The first one turned up while I was walking the dog: a builder’s van turning into the car park. So I took a small diversion, planning to talk to him as he got out – only to find him swinging round in a wide circle and heading for the exit. I didn’t care for that so I flagged him down.
“I was planning to talk to you as you got out,” I said. “I didn’t reckon on you leaving so soon. ,”
He told me he only wanted the visit the public loo but it was closed.
“Ah… Well the reason I wanted to talk to you is because I’m always on the lookout for small builders…”
In fact the walk turned out to be very productive because next I found myself going through the level crossing gates with a yachtsman heading for the sailing club.
“Are you a yachtsman?” I asked (daft question considering he was wearing the hat, the foul-weather jacket, the boots and toting the bag over his shoulder. “I’m going to give you one of these because I know boats are expensive…”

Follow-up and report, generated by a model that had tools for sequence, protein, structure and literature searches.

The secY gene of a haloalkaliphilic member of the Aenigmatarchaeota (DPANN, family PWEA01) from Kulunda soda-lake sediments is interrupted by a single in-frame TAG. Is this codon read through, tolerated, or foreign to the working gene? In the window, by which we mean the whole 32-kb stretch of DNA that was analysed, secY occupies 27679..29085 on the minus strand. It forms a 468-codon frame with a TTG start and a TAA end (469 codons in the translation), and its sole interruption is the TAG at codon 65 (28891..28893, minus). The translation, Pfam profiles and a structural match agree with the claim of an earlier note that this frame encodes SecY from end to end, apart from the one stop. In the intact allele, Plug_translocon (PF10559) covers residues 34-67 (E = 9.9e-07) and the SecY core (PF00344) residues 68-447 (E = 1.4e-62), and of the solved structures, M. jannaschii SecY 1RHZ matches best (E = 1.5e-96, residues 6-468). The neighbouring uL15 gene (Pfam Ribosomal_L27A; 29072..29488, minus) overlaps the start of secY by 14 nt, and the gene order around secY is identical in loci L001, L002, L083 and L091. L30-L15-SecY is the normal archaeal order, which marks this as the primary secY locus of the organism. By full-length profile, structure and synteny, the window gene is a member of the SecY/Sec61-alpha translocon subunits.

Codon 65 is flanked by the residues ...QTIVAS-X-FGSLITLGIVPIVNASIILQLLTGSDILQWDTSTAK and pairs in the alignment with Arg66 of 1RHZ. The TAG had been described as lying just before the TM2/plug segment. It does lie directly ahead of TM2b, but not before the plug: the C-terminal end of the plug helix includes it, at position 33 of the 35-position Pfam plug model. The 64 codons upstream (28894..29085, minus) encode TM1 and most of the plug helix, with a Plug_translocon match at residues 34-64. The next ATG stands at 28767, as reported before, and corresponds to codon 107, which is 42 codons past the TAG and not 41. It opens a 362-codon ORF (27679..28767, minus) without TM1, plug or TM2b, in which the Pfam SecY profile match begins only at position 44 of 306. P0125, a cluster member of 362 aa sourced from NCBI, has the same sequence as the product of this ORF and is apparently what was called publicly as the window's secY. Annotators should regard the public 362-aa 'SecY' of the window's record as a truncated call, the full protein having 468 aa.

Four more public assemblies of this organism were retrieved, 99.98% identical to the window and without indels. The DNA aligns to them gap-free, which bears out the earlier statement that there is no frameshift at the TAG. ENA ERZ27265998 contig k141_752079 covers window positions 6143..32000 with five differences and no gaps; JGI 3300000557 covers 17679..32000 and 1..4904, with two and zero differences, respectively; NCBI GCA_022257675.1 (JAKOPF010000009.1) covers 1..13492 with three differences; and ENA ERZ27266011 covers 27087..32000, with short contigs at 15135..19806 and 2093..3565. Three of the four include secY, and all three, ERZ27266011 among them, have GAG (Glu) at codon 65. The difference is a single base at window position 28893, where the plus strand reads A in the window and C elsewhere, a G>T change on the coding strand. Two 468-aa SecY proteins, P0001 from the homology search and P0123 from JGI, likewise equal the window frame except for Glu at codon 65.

“Well I’ll tell you all about it if you like.”
Silence while he peered at the card.
“Takes me one minute and 45 seconds precisely. D’you want to hear it?”
Later on the dog met a friend. The dogs greeted each other as only dogs know how. The owners said “Good morning”, remarked on the weather…
One of them said: “Let me give you one of these…”
The other said: “What’s this?”
And the first one thought: “Three down, three to go and it’s only 9.15 in the morning!”
There was then a long gap while I did Meeting One with a new distributor, went for my clarinet lesson (not a huge success) and got to three in the afternoon still with a pocketful of cards and three people to talk to. So on the way home I stopped at a parade of shops – apart from anything else, I had a letter to post.
As I got out I almost collided with a man in a suit.
“You look successful,” I said. “I always give one of these to successful people.”